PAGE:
Five mothers in New York City have filed a lawsuit seeking to vacate orders requiring measles vaccinations for people living in ZIP codes that have seen an outbreak of the disease.
The lawsuit claims the orders are arbitrary, capricious and unconstitutional because “there is insufficient evidence of a measles epidemic or dangerous outbreak to justify the respondents’ extraordinary measures.” Courthouse News Service, Jezebel, the Rockland/Westchester Journal News, ABC News and the New York Post have coverage.
The parents also say they have obtained religious exemptions from obtaining the vaccine, and the orders violate the First Amendment by imposing criminal penalties for free exercise of religious beliefs.
The lead lawyer on the suit is Manhattan personal injury lawyer Robert Krakow. Robert F. Kennedy Jr. is also listed as one of the lawyers. This Daily Beast story describes Kennedy as a vaccine skeptic.
New York City Mayor Bill de Blasio had declared a public health emergency April 9 for parts of Brooklyn’s Williamsburg section because of a measles outbreak prevalent in the Orthodox Jewish community, USA Today previously reported. Rabbinical leaders in the city have said vaccines are consistent with Jewish law.
The New York City orders required anyone living or working within the ZIP codes to be vaccinated with the measles, mumps and rubella vaccine unless the person can demonstrate immunity to measles. The vaccine also carries protection for mumps and rubella.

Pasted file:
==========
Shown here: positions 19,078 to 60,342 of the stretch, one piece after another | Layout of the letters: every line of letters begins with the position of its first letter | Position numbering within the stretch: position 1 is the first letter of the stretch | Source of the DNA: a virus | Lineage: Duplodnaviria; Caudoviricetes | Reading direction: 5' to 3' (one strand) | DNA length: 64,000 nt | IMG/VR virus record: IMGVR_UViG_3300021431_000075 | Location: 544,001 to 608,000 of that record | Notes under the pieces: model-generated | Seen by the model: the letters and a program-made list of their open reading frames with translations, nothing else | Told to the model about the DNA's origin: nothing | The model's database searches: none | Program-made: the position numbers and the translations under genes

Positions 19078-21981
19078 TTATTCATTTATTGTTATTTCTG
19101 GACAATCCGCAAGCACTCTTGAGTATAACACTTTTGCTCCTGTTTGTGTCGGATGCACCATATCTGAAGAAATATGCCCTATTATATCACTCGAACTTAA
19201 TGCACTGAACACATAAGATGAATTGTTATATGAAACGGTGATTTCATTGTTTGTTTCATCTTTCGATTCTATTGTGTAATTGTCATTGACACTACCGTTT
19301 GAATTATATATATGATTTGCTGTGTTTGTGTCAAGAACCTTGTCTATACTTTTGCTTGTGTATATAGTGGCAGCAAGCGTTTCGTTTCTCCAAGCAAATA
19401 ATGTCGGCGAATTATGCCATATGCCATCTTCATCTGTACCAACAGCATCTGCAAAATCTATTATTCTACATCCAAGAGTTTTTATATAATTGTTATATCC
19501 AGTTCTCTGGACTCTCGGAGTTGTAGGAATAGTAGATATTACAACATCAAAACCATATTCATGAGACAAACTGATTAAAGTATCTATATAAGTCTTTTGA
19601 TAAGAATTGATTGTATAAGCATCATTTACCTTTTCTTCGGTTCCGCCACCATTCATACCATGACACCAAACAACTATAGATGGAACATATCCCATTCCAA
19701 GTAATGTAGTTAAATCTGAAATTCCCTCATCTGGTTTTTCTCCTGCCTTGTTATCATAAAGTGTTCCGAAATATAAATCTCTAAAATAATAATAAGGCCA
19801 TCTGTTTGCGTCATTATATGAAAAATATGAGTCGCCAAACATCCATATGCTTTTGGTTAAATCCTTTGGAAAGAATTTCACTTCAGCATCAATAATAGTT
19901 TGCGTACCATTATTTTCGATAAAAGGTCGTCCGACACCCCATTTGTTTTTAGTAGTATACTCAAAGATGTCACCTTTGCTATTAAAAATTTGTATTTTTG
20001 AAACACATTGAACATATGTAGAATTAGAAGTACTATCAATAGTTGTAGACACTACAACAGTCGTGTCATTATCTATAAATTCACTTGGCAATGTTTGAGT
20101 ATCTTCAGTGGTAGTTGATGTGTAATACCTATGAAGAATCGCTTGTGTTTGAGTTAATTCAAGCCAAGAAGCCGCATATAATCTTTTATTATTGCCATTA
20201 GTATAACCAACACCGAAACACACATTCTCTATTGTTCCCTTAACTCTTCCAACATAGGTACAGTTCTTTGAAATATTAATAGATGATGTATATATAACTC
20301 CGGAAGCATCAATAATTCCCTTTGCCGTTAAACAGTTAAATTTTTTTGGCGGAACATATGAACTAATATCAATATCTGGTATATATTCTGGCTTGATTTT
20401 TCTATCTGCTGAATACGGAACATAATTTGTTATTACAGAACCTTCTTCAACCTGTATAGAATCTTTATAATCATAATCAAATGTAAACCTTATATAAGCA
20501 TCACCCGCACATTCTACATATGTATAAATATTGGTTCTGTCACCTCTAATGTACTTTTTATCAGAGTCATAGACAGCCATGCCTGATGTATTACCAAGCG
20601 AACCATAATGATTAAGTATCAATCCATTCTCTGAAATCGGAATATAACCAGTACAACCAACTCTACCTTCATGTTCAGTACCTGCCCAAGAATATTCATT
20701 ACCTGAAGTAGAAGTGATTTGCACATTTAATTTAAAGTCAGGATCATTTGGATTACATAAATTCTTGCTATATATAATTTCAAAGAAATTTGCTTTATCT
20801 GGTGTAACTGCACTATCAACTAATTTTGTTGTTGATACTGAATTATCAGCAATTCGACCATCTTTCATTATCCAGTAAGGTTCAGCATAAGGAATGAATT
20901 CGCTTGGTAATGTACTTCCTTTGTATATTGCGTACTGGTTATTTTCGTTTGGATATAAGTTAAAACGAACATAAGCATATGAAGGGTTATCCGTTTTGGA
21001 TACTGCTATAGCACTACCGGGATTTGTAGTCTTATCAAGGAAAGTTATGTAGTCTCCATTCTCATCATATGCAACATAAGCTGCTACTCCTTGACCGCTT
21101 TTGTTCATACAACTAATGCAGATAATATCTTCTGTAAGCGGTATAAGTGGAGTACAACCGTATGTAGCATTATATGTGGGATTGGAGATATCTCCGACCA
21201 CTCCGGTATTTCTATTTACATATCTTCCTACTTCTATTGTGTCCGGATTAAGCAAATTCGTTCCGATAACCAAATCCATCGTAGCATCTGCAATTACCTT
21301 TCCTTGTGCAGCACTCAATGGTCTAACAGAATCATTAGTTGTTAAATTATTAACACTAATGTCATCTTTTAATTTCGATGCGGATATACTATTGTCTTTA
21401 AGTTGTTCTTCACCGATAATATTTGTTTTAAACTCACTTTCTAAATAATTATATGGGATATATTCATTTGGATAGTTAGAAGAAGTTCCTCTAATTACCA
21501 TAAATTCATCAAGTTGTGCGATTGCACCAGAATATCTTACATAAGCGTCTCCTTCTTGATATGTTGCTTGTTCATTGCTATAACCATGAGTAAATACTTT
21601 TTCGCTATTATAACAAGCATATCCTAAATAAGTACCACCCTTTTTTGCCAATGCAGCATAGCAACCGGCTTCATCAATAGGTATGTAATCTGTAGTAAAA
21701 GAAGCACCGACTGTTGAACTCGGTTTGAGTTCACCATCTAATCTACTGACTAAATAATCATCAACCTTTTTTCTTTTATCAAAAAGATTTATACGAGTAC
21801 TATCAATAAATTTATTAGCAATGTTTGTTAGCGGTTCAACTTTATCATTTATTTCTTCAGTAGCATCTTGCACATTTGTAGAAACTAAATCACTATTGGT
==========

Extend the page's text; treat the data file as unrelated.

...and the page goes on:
The Washington Post reported last week that New York City has had 285 cases of measles since the outbreak began in October. Seven children and two adults were hospitalized. Measles can lead to pneumonia and encephalitis—an inflammation of the brain that can have long-term consequences.
Health Commissioner Oxiris Barbot said the outbreak was driven by a small group of “anti-vaxxers” who were “spreading dangerous misinformation based on fake science.”
The suit takes issue with the safety of the vaccine and says the city defendants failed to disclose the number of cases that were caused by the vaccine itself. The claim that the vaccine can spread measles is a “particularly poisonous myth,” according to Jezebel.
Another lawsuit accused officials in Rockland County, New York, of overreaching by banning unvaccinated children from schools, places of worship and other public vicinities. A judge issued a temporary stay that prevents the county from enforcing the order, according to the Rockland/Westchester Journal News.
On Tuesday, Rockland County officials issued a new order requiring anyone with measles to remain at home, the Rockland/Westchester Journal News reported here. In addition, students in two ZIP codes are being required to stay home from school if they have not received the MMR vaccine or do not have immunity. Exceptions are allowed on medical and religious grounds.
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